Dr Jay Zwally
Jay Zwally received a B.S. degree in Mechanical/Aeronautical Engineering from Drexel University, PA, and a Ph.D. degree in Physics and Mathematics form the University of Maryland. While a student on a NASA fellowship, pursuing physics and engineering at the University of Maryland in College Park, Zwally designed a key part of a solar wind detector for one of NASA’s Explorer missions. After earning his Ph.D. in 1968, he found himself looking for work at a time that physics funding had taken a nosedive, and he continued in a grant-funded research position at the university for three years. (reference)
Dr. H. Jay Zwally has since then held several senior science research positions since he joined NASA’s Goddard Space Flight Center in 1974. He was instrumental in promoting a laser altimeter satellite for ice sheet mass balance and multidisciplinary science, leading to the Ice Cloud and Land Elevation Satellite (ICESat) launched in 2003. His recent research includes leading a comprehensive analysis of the mass balance of the Greenland and Antarctic ice sheets and ice shelves, the discovery of the melt acceleration effect on the flow of the Greenland ice sheet, and the first comprehensive mapping of sea ice freeboard and thickness distributions. Dr. Zwally was also a lead scientist on the Environmental Task Force/Medea committee advising the CIA and other agencies on the use of classified assets for environmental protection and security.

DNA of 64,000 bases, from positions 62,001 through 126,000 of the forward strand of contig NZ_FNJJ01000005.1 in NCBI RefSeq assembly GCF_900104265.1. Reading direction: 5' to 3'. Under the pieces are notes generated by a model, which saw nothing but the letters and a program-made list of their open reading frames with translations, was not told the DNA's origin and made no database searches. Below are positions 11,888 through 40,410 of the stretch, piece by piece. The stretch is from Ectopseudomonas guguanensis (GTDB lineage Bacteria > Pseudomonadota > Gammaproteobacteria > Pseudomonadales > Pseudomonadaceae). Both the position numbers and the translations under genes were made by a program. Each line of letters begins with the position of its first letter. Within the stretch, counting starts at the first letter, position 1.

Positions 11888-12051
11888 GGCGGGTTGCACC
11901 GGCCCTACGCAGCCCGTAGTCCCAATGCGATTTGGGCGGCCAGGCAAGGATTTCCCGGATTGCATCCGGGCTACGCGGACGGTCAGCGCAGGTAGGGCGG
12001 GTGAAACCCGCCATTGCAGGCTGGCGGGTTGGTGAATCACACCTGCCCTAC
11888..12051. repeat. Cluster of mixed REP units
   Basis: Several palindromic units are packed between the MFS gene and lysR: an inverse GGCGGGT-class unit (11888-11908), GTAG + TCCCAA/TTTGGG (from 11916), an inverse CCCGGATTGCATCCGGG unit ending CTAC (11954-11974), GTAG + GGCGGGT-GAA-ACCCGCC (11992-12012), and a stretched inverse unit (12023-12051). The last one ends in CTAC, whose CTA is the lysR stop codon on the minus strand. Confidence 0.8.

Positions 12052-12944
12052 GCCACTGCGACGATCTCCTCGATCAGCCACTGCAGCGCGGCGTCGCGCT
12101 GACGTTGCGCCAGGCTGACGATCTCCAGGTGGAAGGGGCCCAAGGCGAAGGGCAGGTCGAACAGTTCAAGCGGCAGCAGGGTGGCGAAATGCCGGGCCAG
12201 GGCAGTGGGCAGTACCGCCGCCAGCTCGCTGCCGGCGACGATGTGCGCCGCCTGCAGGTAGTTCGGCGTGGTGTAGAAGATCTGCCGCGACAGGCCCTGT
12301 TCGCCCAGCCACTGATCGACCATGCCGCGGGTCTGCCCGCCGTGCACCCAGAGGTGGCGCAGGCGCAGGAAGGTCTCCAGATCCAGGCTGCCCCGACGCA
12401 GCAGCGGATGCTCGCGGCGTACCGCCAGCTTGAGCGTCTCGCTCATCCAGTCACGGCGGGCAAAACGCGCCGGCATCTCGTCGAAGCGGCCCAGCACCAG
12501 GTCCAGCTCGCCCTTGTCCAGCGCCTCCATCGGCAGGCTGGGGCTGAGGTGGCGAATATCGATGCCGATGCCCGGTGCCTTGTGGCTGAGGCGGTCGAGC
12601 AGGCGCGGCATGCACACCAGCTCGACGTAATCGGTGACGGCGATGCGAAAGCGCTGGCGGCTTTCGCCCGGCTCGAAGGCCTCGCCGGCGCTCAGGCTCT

Prior to his arrival at NASA, Dr. Zwally served in the National Science Foundation’s Division of Polar Programs, where he managed the initiation of the interdisciplinary Ross Ice Shelf Project, the Greenland Ice Sheet Project, improved airborne radar mapping of ice sheet thickness, and planned for West Antarctic ice sheet projects. According to Jay Zwally, the “Arctic is the canary in the coal mine.”
For his considerable efforts and skill, Dr. Zwally has been the recipient of the following Awards: Goddard Award of Merit for Outstanding Contributions and Scientific Leadership, Laboratory Peer Award for Outstanding Publication, NASA Outstanding Scientific Achievement Award, NASA Group Achievement Award to Authors of Antarctic Sea Ice Atlas, and the Goddard Exceptional Performance Award for leadership in establishing a recognized cryospheric research program.